The classic examples of "realist" long takes used by Bazin and others are Renoir (GRAND ILLUSION, etc., but especially RULES OF THE GAME), Mizoguchi (the rape in the countryside or the ending of UGETSU, for one example), Welles (THE MAGNICENT AMBERSONS, particularly the kitchen scene with George and Aunt Fanny), and Murnau (especially SUNRISE).  A number of sequences in Hitchcock also work.  Note especially the opening shots of REAR WINDOW.  (ROPE, on the other hand, does look like a formalist exercise.)  The fundamental difference for the long take = realism school is summed up in Bazin's description of Renoir's creating a style that "does not cut the world up into pieces."  So, in that sense the long take (along with other factors) is more "realistic" because (in Bazin's term again) it is more "democratic" than an editing style that "forces" interpretations on the viewer.  At the same time, however, "realist" cinema still can't escape being a representation and not direct reality (Bazin's image of the history of cinema as an asymptotic curve that comes closer and closer to the end line but never meets it).  One of my favorite comparison/contrast examples is the singing of the "Marseillaise" in CASABLANCA (classical Hollywood continuity) vs. GRAND ILLUSION (a single tracking shot).  Of course, these examples far pre-date Direct Cinema and most even pre-date Italian Neo-Realism (another hallmark movement).

But, as Robert points out, long takes can also be highly stylized.  Is anything more self-conscious than that opening shot in TOUCH OF EVIL?  One way that Bazin seems to depart from some of his auteurist acolytes is in favoring a Modernist view of cinema in which the sense of a creative presence/narrator/whatever is minimized, like Joyce's concept of the literary narrator being like a God we can't see.  Even then, as Robert Scholes and Robert Kellogg pointed out long ago, we can still hear Him breathing.  But for better commentary on Bazin, among other critics, see Noel Carroll's pointed critique.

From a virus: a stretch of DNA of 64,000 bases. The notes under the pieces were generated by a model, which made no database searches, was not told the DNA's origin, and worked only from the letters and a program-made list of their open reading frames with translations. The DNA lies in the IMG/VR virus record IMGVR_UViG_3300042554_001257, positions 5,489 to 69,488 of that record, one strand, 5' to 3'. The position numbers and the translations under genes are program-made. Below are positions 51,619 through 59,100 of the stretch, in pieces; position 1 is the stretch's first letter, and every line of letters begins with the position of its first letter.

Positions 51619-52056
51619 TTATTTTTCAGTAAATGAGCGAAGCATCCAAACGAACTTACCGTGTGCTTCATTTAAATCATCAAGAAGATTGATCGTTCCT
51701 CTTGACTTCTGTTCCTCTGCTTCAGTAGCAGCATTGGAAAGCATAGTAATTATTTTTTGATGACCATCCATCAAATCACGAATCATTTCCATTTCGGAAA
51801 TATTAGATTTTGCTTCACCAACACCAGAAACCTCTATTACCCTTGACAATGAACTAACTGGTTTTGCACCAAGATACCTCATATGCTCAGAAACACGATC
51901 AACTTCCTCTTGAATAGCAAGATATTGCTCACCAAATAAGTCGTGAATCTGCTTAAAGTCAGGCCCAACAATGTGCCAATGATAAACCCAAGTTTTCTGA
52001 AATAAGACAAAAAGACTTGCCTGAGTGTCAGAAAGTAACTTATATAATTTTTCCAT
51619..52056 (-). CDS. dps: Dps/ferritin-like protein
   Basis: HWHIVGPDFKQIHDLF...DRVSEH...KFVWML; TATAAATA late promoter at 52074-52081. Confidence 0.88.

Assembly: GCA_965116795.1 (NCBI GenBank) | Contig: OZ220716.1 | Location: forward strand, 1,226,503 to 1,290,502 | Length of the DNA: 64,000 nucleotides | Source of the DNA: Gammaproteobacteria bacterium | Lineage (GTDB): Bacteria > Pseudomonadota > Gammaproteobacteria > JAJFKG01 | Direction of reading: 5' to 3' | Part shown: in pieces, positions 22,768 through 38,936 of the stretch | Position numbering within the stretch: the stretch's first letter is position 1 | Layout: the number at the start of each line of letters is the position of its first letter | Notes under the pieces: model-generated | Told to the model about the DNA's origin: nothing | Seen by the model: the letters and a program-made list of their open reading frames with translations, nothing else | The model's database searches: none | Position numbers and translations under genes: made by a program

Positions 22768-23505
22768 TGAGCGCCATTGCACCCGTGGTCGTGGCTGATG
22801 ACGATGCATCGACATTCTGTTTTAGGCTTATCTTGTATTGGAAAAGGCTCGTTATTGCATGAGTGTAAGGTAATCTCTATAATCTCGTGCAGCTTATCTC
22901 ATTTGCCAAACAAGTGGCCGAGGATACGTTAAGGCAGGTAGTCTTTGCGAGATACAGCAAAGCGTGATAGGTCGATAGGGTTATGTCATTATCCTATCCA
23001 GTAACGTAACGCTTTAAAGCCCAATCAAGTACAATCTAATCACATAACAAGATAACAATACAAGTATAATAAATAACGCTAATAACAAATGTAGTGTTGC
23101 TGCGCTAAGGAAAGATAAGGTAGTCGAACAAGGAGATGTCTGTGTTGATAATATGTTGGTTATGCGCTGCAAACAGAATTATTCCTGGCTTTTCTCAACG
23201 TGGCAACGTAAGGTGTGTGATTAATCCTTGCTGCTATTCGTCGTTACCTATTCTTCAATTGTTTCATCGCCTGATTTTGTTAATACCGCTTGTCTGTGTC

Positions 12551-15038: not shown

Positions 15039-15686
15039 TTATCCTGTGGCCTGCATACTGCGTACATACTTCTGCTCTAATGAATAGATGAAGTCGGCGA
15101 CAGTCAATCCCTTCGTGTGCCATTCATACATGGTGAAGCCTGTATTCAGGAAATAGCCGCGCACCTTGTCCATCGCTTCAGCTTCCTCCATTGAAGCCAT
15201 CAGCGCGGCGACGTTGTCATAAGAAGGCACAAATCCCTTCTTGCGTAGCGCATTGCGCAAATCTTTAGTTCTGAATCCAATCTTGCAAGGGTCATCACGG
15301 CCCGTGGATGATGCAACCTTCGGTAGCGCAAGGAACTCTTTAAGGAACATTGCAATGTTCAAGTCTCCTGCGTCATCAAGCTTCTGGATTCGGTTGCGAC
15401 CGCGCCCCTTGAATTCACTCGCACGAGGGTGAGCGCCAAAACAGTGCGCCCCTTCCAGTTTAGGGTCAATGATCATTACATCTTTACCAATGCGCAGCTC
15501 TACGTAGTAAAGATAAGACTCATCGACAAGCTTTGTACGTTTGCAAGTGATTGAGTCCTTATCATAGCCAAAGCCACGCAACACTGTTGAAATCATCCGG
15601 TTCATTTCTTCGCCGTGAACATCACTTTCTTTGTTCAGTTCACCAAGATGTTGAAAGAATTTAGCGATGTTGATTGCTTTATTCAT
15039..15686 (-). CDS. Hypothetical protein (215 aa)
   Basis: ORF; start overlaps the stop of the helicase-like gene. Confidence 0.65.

Better heads than mine have to wrestle with the second question, since there seem to be several different standards of "realism" circulating right now, all of them thrown into confusion by digital imaging and new visual media.  Does the length of a take matter anymore when the image itself can be manipulated in so many ways?  Does a handheld camera matter anymore, when small digital cameras can take us anywhere and where "reality" is served up to us in narratively-defined chunks of 50 minutes or less each week?  Do webcams really give us the "reality" of a scene or a person's life?  And then what claim can a documentarian make to "reality" for a subject when that concept comes into question?

Vladimir Nabokov said that "reality" should always be in quotes.  That seems like better advice than ever.

Don Larsson

"Only connect!"  --E.M. Forster
Donald F. Larsson
Department of English
Minnesota State University
Mankato, MN  56001
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From: Film and TV Studies Discussion List on behalf of David Tetzlaff
Sent: Sat 3/13/2004 1:31 AM
To: [log in to unmask]
Subject: long takes

One of the central principles of film studies (or so it seems) is the
distinction between a Bazinian realistic aesthetic on one hand, and a
more Eisensteinian montage/presentational style on the other, with
classical Hollywood film, or at least classical cutting, somewhere in
the middle. The realist style is said to favor long takes and
deep-focus cinematography, to preserve 'the ontology of the
photographic image' by avoiding editing where possible.

However, I can't seem to bring to mind any specific films that employ
long takes that seem particularly realist to me. Most of the
interesting long takes I can think of call attention to themselves by
virtue of their length. For example, the long takes in Stranger Than
Paradise seem more formalist to me than realist.

So i have two questions. The first is practical:

Can people recommend specific fiction films (and better specific
scenes) where long takes are employed toward the end of a Bazinian

The second is theoretical:
Have the representational markers of 'realism' changed. Is the
absense of editing still what enables the integrety of a photographic
images 'realness' (if it ever was)? I am thinking especially of
'Dogme' influenced films, which seem very invested in a kind of
realism but have lots of cuts, and very obvious ones at that. My
hypothesis would be that all this descends from Direct Cinema
documentary, which established certain conventions of how
moving-picture photography is used to capture
life-as-it-actually-happens. The pragmatic necessities of Direct
Cinema dictated often jerky, hand-held camera work, narrow depth of
field, and often jerky edits -- which now seem almost universally
deployed in any narrative that wants to seem 'real' and 'urgent',
from the TV show 24 to the film Thirteen, just to take examples with
numbers instead of names.

Any thoughts?

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